Archive - selected parts of previous year's newsletters from this month
It's 30˚C as I sit down to read this, I don't know what that is old money, but it's only 7˚C off my body temperature and that makes me very uncomfortable indeed. When I pull back the curtain though that's keeping the sun out of the study I do like what I see, a very green garden, apples hanging off the branches, purple plums readying themselves for tomorrows harvesting sessions by the family and sons friends - we gave up picking them and putting in baskets a couple of years ago, they now get eaten off the tree, the best way. Most of all though everything is just so verdant and lush, the intermittent rain of the last few weeks has come at just the right sort of time so even the lawn is healthy and not a straw-coloured rough carpet like it can sometimes become.
The only sign of impending autumn at the moment, besides the fruit, is Vitis coignetiae, the Crimson Glory Vine where the leaves are starting to turn yellow in between the veins.
We went to my brother-in-laws a couple of weeks ago for a barbeque, we'd just recently returned from holiday somewhere ridiculously hot and parched. As we sat under his tall trees in the shade and I looked up at the shafts of sunlight shining through, each one with its own group of midges dancing about, I thought it was almost the very essence of an English summer. Those dancing (harmless) insects in the sunbeams in late afternoon are one of my strongest summer memories from childhood, calming, hugely atmospheric and yet some indication that even the very last of the sun's rays were being used to benefit.
Do you remember to enjoy your garden? In the sitting and relaxing way I mean? A few weeks ago, I was sitting inside reading when my wife suggested I go and sit out instead (in the Adirondack chair and stool I'd made from teak planks for the purpose - noticeable swell with pride) as it was so lovely. Sure enough, it was "so lovely" and I settled to read, then felt a drink would be nice, on the wide chair arm, specifically designed for the purpose. Drink acquired and a couple of pages were read, then I saw.... so one thing led to another and 20 minutes later I received the admonishment "You just can't do it can you?". I had secateurs in hand, trowel at my feet and a tub for clippings with me, I was also at least 30 feet from the chair, so a last minute dash wasn't going to be convincing.
Funny thing is though, I find it very easy to relax in other peoples gardens, even though I can see dozens of little jobs that would be beneficial, maybe it's because there's some-one with me and so my mind doesn't wander. I've decided I just enjoy my own garden in a different way, and my family enjoy it in a different way to me, so I reckon alls well that ends well.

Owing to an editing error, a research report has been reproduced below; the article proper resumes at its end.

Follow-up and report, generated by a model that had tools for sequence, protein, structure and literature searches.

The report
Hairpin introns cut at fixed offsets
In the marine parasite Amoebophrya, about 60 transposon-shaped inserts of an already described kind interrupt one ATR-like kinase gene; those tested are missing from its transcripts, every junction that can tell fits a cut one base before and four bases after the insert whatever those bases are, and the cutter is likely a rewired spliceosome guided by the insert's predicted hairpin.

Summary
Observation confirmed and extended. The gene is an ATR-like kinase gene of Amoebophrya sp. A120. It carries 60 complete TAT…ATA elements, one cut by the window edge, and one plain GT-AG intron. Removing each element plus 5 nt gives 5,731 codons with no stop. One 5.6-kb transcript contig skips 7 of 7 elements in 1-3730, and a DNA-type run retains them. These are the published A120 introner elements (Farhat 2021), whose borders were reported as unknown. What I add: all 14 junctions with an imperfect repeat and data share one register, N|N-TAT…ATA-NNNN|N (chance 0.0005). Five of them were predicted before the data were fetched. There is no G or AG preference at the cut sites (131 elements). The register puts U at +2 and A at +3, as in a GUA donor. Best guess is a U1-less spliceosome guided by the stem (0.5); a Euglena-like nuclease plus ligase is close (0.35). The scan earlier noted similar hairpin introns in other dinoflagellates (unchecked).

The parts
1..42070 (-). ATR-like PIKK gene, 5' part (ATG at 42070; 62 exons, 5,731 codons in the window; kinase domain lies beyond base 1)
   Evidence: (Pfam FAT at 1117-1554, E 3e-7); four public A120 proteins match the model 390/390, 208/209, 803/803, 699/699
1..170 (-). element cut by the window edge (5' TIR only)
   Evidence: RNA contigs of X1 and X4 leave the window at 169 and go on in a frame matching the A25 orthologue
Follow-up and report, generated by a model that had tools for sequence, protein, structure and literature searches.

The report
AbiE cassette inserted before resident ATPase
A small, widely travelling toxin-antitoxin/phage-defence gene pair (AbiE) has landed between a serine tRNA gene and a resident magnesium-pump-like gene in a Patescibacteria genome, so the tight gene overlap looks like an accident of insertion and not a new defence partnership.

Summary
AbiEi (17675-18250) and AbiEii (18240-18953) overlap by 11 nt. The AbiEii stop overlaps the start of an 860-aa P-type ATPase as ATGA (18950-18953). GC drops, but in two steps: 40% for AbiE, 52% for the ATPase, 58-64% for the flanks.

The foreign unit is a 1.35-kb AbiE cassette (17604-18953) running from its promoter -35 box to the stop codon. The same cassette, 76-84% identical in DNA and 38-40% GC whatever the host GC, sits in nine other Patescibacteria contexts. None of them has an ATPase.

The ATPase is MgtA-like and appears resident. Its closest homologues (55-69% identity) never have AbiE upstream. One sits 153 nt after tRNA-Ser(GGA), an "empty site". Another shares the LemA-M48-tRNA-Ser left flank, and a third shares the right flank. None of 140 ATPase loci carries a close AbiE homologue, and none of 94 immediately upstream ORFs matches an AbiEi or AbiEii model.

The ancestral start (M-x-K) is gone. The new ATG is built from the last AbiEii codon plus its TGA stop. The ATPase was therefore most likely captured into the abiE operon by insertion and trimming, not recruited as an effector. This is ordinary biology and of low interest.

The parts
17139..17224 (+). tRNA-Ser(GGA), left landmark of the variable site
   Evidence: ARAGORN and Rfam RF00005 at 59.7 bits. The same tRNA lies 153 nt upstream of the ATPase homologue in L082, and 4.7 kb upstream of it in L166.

Didn't we have a lot of weather in August! The rainfall in England and Wales was 152.9mm (almost exactly 6 inches) which is twice the long term average for the month, the temperature was up too, 1.8°F) above the long term average. Which makes it all in all a very warm and wet month. My memories of it are of a lot of days where if it wasn't raining, it looked like it was just about to, grey ominous clouds rolling over nearly all day long, though the statistics said that we had an average amount of sunshine. Global warming in action? A couple of years ago, when we'd had a series of hot dry summers, it looked like the answer was to start to plant for a dry hot summer climate - but this year scuppered that plan!
I think the real answer is to do what we've always done, plant a variety of trees, shrubs and perennials and take especial care to establish them well, keeping them free of weeds, watering through the first summer and maybe the occasional soak in the next one. Once they are established, they should be able to survive on their own. In an exceptional year some extra attention might be necessary and if you need to give the attention every year, either carry on if you like the plant, or call it a day when it will probably die and force you to remove it through embarrassment.
The extra rain meant that the lawns stayed verdant and green all the way through and for the first time in years, still looked spring-fresh at the end of the month. For my part, I was glad I got away from it all for a while where I didn't see a single cloud for the whole of my holiday - when we landed back at Gatwick, it was through heavy cloud of course!
I'm over-run with fruit at the moment, the plums are welcome as I love them and anyone who comes near the house gets encouraged to go and pick a few off the tree (I'd pick them myself, but the novelty wears off after a while, now I just pick to eat immediately). I'm still agonizing over what to do with my apple trees. There's three mature apple trees in the garden that we inherited, none of which are of a variety that I'd consider planting today - neither would I plant three apple trees, particularly as they're all on rootstocks that make them grow tall, some branches were at 20 feet when we moved in before I started to prune them.
They are valuable as they look very old and gnarly, far more than they really are, so what I'll do is probably prune them into a reasonable size and shape over the next couple of years. I started last year, big old trees like that need to be pruned in stages or you just get a whole forest of weak "water shoots" growing from every pruning cut, There's some on them now, most of which will come off in the winter when I prune them, just leaving the minimum to develop into the new branches.